Dr James Worrall is an Associate Professor in International Relations and Middle East Studies at the University of Leeds, with research interests in Western relations with the Arab World, Gulf Politics and Security, Regional International Organisations, Decolonisation, Counterinsurgency Strategy, Security Sector Reform, Regime Stability and Legitimacy in non-democratic states and Diplomatic theory and practice.
What advice would you like to give PhD students and early career researchers that you wish someone had said to you?
I was very lucky with my PhD supervisor and the people who I sought mentorship from but there's certainly still things I wish I'd known then. One would be to seek more mentors from the people just ahead of you, their experience is fresher and often invaluable. The second would certainly to be to focus on publications earlier and that co-authoring is incredibly beneficial and will become more acceptable and normal as time unfolds in our field. The third is to not underestimate how long some things take and that even when accepted there are all kinds of hidden elements that take up huge amounts of time. Additionally, things that I knew then but which have become even more important over time: network harder, get out there early and often and start conversations with anyone and everyone - you never know where it might lead. Take more time in the field - you have opportunities in terms of time if not resources at that stage, the latter can often be surmounted but you'll almost never have that kind of time again so spend longer in the field than you think you need, indeed travel as much as possible - especially to places you might work on later and go back as often as you can to build and consolidate networks and deepen your understanding. Finally, academia can be a competitive sport but having a team around you and being selfless when helping others even if it doesn't always lead to people returning the favour, at minimum, means you've got guaranteed support and are at least making an effort to make it a supportive field to work in more broadly.
What is the most effective teaching method you have delivered or seen delivered?
I've always been pretty passionate about teaching and have been lucky enough to have even won awards voted for by students themselves! I'm currently co-directing our Centre for Teaching Innovation and Scholarship so I get to see some great innovations and have tried out a lot of things in my time in the classroom but at the end of the day the key is to let the material shine. Sometimes overly fancy pedagogy is not that effective and the old works better than the new, so while you absolutely should be trying new things and trying to make the classroom more fun and effective, often the best way is to focus on taking students on a journey and opening their eyes to new ways of thinking about and assessing material. Human beings are motivated by narrative and stories and while I focus a lot on building analytical tools and linking ideas there's no substitute for taking people on a journey. I want people to leave my classroom feeling that their mind has really been stretched yet at the same time they have new tools for coping with complexity and that they've had fun in the process. In that sense making material come alive, weaving in personal anecdotes and experiences from fieldwork, drawing connections both within and between disciplines, pointing out ironies and showing how theoretical and analytical tools can bring clarity and new perspectives is really the bedrock of how I teach - basically by telling a series of stories. As well as this, for me in particular, it's the conversations in office hours that are the most stimulating and is often where I feel I make the biggest impact. We often think about teaching as being the thing we do in the classroom but what we do one-to-one in our offices is just as important and can be truly transformatory - so don't just reflect on your in-class pedagogy also think deeply about your tool box for one-to-one supervision, discussions and mentoring.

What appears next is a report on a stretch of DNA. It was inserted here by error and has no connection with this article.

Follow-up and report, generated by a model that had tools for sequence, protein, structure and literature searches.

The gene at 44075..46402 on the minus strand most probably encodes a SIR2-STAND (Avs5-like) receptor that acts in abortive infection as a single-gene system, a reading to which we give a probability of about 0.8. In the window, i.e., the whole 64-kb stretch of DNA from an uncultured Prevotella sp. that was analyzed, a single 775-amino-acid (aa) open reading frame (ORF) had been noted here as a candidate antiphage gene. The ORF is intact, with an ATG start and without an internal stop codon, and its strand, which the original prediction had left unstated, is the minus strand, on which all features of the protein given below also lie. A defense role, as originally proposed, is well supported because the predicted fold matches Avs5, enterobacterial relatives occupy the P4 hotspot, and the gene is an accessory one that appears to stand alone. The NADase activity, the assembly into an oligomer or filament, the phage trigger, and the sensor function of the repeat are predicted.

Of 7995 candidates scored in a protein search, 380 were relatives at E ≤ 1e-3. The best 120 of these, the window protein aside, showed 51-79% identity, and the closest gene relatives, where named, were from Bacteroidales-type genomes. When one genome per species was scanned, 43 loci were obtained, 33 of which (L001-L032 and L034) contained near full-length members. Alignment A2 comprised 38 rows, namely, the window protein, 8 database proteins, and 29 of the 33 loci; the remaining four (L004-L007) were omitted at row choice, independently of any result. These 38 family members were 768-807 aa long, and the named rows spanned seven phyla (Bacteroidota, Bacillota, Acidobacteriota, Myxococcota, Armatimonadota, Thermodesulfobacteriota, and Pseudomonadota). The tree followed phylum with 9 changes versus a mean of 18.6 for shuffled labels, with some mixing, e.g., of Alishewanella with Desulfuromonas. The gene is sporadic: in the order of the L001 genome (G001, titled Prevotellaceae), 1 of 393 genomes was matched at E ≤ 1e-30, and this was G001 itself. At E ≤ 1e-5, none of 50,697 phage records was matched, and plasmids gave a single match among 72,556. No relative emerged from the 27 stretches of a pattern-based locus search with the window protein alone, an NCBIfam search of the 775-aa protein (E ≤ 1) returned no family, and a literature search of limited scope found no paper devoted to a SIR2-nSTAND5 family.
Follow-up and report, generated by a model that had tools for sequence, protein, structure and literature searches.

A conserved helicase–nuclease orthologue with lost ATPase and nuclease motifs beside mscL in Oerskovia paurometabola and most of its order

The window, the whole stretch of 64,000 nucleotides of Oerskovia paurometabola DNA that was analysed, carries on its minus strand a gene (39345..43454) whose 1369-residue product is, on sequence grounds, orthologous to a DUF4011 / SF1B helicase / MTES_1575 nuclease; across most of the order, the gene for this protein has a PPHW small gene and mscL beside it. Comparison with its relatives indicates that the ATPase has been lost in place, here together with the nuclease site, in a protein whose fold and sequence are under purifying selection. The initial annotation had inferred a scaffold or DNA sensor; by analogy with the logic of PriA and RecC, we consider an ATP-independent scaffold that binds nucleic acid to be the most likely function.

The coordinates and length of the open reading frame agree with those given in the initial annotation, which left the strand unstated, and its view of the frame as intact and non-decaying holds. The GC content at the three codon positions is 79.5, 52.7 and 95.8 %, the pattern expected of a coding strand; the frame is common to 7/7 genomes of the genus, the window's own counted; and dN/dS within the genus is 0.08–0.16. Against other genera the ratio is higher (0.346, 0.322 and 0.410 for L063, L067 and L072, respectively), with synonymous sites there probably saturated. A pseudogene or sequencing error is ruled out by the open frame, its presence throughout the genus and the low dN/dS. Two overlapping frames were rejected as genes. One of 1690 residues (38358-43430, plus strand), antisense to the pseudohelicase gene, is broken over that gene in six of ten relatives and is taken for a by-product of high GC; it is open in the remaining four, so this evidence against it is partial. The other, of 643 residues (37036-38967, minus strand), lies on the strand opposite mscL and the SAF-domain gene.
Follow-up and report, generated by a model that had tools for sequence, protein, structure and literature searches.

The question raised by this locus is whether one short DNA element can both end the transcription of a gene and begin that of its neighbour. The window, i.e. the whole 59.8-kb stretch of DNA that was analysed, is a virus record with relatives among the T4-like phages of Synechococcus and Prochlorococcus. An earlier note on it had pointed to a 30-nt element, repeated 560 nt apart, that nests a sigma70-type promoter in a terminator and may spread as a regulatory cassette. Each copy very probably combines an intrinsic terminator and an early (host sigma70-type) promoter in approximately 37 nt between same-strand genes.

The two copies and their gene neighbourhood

What is your favourite museum and why?
That's a hard question, I can't just pick one! I've long been fascinated by museums, as a kid going to the ones on the D-Day landing beaches in Normandy, which vary dramatically from a farmers barn in a field to giant purpose built museums like the one in Caen and the myriad array of those in between, was very formative. Nowadays, I increasingly study how museums are used in shaping national stories, legitimacies and systems of rule - especially in the Gulf. For about fifteen years now I've been visiting, photographing and thinking about the various museums in Oman especially. The new National Museum in old Muscat is fascinating on so many levels and each time I go I come away with more ideas, so that is absolutely one of my favourites. If I could only choose one though it would have to be the British Museum, the feeling of having the world in one place and the buzz of people from all over the world experiencing it with you is hard to beat, the political controversies of course make it even more interesting. It's a place that makes you think about humanity in an interconnected way, I've had some very special times there and there's always more to see.